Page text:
More bananas

banana clump
The banana clump before clean-up – obviously healthy but choked with dead leaves and whole plants

An environmental group I volunteer with has its office in an old (1920s) house whose backyard has always had mango trees (every North Queensland gardener from 1900 until at least 1950 started his garden by saying, “Let’s plant the mango tree here“) and a patch of bananas.

They were left alone when the rest of the garden was put into low-maintenance mode (lawn in sunny areas, mulch under the trees) and three weeks ago, prompted by the sight of a bunch ready to pick, I spent half an hour beginning to clean them up, returning home with a small bunch of bananas and a moral obligation to go back and finish the clean-up. When I went back ten days later to do that I found another bunch ripe enough to cut down and brought half of it home, leaving the other half for Centre staff and volunteers.

green bananas
A bunch on the plant. The flower bell is tiny and at the end of a very long stem.

They are good bananas, too, although I’m not yet sure which variety they are. They are neither the (nearly universal) Cavendish nor Ducasse but may be what we call Lady Fingers, although the fruit are even shorter and fatter than most Lady Fingers I have seen. The stems are very tall – many are 4m or more – and the leaves are long (2m) and broad. Whatever they are, I will dig out a couple of suckers once the wet season gets under way and plant them in my own garden.

The texture of the fruit is more like the Cavendish than the very smooth, firm Ducasse and when you bake them the difference becomes even greater. I have a recipe for a Banana Slice which comprises a layer of sliced bananas between two layers of an oats-flour-sugar-butter-eggs dough. When it comes out of the oven, slices of Ducasse are cooked and have changed colour but are still intact and firm, while slices of Cavendish, Lady Finger or the current variety have cooked down and blended right into the cake mixture.

The same difference is apparent when you try to fry them: Ducasse stays firm and may even become rubbery, while the others soften.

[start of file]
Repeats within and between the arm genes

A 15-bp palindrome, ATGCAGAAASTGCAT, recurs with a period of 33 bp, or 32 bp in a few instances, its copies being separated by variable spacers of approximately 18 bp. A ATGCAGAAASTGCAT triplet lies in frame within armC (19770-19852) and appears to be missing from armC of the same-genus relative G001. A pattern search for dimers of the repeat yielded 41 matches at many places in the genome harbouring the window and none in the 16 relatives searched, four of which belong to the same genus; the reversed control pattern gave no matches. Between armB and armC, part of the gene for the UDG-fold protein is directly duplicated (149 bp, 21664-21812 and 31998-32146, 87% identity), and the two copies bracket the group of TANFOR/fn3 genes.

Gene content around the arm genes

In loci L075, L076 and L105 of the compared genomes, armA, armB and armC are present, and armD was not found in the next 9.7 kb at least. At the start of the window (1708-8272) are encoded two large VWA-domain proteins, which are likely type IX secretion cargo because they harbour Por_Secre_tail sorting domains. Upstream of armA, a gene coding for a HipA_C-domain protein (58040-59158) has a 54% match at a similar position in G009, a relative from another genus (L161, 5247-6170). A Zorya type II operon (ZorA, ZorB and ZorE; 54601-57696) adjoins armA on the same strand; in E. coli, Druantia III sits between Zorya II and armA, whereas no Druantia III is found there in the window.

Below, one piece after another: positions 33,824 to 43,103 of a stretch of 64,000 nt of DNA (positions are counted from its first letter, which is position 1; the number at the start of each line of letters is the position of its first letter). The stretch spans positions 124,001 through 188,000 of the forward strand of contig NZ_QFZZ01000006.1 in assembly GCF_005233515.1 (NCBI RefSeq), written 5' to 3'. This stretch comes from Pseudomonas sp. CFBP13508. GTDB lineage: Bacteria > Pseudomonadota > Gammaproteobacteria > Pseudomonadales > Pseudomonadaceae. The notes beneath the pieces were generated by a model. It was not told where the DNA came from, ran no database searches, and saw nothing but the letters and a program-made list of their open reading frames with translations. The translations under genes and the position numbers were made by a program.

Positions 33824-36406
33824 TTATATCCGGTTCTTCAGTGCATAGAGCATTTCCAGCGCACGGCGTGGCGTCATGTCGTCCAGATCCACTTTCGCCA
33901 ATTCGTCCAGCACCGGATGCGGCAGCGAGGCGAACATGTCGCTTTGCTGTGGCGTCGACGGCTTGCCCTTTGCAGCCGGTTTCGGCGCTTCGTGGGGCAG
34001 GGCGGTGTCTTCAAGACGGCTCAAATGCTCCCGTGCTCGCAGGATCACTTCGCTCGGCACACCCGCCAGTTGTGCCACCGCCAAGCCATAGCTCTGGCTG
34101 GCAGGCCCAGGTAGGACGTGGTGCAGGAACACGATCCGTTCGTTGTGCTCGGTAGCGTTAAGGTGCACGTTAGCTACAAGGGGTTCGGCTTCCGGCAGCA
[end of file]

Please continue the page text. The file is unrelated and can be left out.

bunch of green bananas
A close-up of the bunch and the flower bell

I came across a banana wiki and its associated image bank while trying to identify my new bananas. They didn’t help in that enquiry but may be useful to others interested in bananas so here they are: Promusa and Musarama.

5 thoughts on “More bananas”

  1. Great to find a patch of bananas that you can forage from.
    They look exactly like my Lady fingers (at least I am pretty sure mine are Lady fingers).
    Small flower bell on long stem, tall tree, shape of banana are all the same.
    I guess old established patches are unlikely to be an unusual variety, but probably either the common Cavendish or Lady finger.
    This seems to be an active forum on bananas, and it has a section dedicated to identification.
    This guy says flowers really help with ID.
    His pictures are quite spectacular.
    Interesting information about banana texture after cooking.
    That recipe sounds nice, I will try it some time.

    1. Thanks, Jeff. As you say, Lady Fingers has to be one of the most likely candidates and your information makes me even more inclined to think that that is what these are. Identifying them is on hold at the moment, however, since I’m away from home.
      When I do get home I will try to remember to post the recipe here, too. It’s a good one and, as you know, making good use of 10 – 20 kg of fruit before it’s over-ripe can be difficult.

  2. I went down to South Townsville a couple of days ago and came home with a few suckers from this banana patch – really just thinnings, since the patch is so congested after years of neglect. Three of them (all I have room for) are now in my own patch, with another in a pot; it will be a backup if one of the three doesn’t survive, and I’m sure I will find someone to give it to if all grow well.
    I still believe they are Lady Fingers, mostly because I haven’t yet come across any likely alternatives.

    1. I have just repeated the exercise, a year later, coming home with another three suckers. Last year’s lot didn’t do too well: one is healthy but hasn’t yet flowered, two failed to establish, and the one in the pot found another home.
      I think the main reason my success rate is so low is that some of my thinnings are already a bit spindly and some don’t have much of a root system when I dig them out, but I replant them anyway on the the chance that they just might survive. Losing them is really only losing the ten minutes it took to put them in the ground here, so I’m not too concerned.

  3. Updating the story after six years …
    The original clump still exists and is still producing in spite of its ongoing neglect (it really needs more water than it usually gets, and my care for it is sporadic). Its suckers have been shared to a few other people and to our own new garden after we moved house, and we have just picked our first bunch, from suckers which we planted just over two years ago. There are not many bananas on it but they are larger than the fruit on the ancestral plant, probably because ours get more water. Here it is.

    bunch of lady finger bananas

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